- Arnold Palmer brought a country-club sport to the masses with a hard-charging style, charisma and a commoner's touch. At ease with both presidents and the golfing public, and on a first-name basis with both, "The King" died Sunday in Pittsburgh. He was 87.
Alastair Johnson, CEO of Arnold Palmer Enterprises, confirmed that Palmer died Sunday afternoon of complications from heart problems.
Palmer ranked among the most important figures in golf history, and his accomplishments went well beyond his seven major championships and 62 PGA Tour wins. His good looks, devilish grin, and go-for-broke manner made the elite sport appealing to one and all. And it helped that he arrived on the scene at about the same time that television moved into most households. The combination of Palmer and TV proved a perfect fit that sent golf to unprecedented popularity.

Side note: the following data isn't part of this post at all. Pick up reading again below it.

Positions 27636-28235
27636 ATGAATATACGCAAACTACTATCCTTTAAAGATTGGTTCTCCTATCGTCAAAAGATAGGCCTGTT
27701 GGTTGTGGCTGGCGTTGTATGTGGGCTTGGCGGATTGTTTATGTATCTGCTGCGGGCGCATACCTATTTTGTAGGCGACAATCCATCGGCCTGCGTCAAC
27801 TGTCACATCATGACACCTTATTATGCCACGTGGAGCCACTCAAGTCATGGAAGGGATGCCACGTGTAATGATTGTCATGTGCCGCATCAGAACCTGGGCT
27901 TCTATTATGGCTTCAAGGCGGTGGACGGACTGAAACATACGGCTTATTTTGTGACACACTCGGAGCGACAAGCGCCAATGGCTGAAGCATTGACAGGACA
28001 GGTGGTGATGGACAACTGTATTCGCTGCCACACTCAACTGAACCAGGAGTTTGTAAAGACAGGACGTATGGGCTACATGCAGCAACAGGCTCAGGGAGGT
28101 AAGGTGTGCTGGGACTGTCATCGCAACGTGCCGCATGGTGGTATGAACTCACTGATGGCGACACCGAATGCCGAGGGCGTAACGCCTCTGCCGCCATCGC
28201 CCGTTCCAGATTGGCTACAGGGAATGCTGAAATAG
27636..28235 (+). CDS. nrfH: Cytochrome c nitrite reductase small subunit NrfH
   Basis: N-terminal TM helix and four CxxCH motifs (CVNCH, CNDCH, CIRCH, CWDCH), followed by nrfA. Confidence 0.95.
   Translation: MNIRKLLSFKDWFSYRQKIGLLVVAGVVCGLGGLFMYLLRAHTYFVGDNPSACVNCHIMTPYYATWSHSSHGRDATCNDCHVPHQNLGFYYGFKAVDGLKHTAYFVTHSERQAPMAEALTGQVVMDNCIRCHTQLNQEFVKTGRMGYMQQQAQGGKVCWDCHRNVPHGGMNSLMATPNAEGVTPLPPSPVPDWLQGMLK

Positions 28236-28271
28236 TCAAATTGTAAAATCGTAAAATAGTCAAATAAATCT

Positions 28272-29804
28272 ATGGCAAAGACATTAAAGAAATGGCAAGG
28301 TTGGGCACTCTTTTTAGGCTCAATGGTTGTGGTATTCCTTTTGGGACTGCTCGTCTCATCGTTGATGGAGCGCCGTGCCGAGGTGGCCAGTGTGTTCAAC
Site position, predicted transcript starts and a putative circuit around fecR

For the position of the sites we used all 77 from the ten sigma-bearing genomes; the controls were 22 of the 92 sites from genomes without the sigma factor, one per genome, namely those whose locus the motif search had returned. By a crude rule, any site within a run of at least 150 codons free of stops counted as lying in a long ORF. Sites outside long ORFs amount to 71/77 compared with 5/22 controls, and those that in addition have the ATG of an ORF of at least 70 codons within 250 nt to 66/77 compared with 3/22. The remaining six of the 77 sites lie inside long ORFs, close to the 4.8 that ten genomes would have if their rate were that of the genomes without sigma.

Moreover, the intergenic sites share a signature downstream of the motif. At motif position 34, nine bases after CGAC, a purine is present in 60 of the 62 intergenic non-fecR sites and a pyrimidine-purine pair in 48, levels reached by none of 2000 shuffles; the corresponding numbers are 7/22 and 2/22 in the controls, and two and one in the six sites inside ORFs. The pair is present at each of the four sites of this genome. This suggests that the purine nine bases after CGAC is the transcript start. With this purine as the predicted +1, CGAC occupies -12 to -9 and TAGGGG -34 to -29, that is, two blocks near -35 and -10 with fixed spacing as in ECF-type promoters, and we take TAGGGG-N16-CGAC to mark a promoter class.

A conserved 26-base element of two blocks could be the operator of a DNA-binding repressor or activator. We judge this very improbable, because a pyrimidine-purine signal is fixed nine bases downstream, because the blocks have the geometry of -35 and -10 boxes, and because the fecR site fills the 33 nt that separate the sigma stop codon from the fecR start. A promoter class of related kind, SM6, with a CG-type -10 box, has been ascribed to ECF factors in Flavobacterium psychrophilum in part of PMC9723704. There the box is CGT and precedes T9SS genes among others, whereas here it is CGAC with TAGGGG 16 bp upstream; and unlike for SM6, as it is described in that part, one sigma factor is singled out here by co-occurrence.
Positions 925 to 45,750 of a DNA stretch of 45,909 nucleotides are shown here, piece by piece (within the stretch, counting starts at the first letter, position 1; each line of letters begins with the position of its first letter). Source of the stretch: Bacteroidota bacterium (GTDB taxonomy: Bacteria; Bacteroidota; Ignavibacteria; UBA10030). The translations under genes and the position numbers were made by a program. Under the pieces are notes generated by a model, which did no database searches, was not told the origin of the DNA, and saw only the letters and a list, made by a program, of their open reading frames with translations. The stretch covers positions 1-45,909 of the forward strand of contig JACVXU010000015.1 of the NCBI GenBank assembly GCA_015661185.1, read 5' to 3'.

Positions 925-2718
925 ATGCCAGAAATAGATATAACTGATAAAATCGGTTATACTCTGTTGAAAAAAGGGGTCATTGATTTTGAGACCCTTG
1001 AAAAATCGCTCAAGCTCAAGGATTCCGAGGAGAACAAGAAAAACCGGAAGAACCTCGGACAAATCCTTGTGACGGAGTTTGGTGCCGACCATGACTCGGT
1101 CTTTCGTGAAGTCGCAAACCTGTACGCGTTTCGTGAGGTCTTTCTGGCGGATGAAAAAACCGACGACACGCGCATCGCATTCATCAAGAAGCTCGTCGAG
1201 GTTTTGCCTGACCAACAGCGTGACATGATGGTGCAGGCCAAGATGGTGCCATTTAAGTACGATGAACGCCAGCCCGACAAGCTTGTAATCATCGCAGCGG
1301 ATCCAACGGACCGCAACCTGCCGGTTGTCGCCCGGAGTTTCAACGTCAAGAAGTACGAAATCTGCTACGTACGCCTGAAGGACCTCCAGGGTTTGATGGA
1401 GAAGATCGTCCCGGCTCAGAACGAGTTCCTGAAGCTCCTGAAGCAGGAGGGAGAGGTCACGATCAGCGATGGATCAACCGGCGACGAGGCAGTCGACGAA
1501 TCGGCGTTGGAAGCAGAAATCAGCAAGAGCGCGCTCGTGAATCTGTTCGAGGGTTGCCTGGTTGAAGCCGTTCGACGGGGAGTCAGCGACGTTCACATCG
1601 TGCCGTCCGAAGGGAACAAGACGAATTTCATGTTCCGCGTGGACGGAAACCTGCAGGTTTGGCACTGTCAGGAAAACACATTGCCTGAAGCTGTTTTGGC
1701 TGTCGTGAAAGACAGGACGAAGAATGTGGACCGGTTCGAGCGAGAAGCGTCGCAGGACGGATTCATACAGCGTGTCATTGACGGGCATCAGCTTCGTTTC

Beyond his golf, Palmer was a pioneer in sports marketing, paving the way for scores of other athletes to rake in millions from endorsements. Some four decades after his last PGA Tour win, he ranked among the highest-earners in golf.
|Story By: Associated Press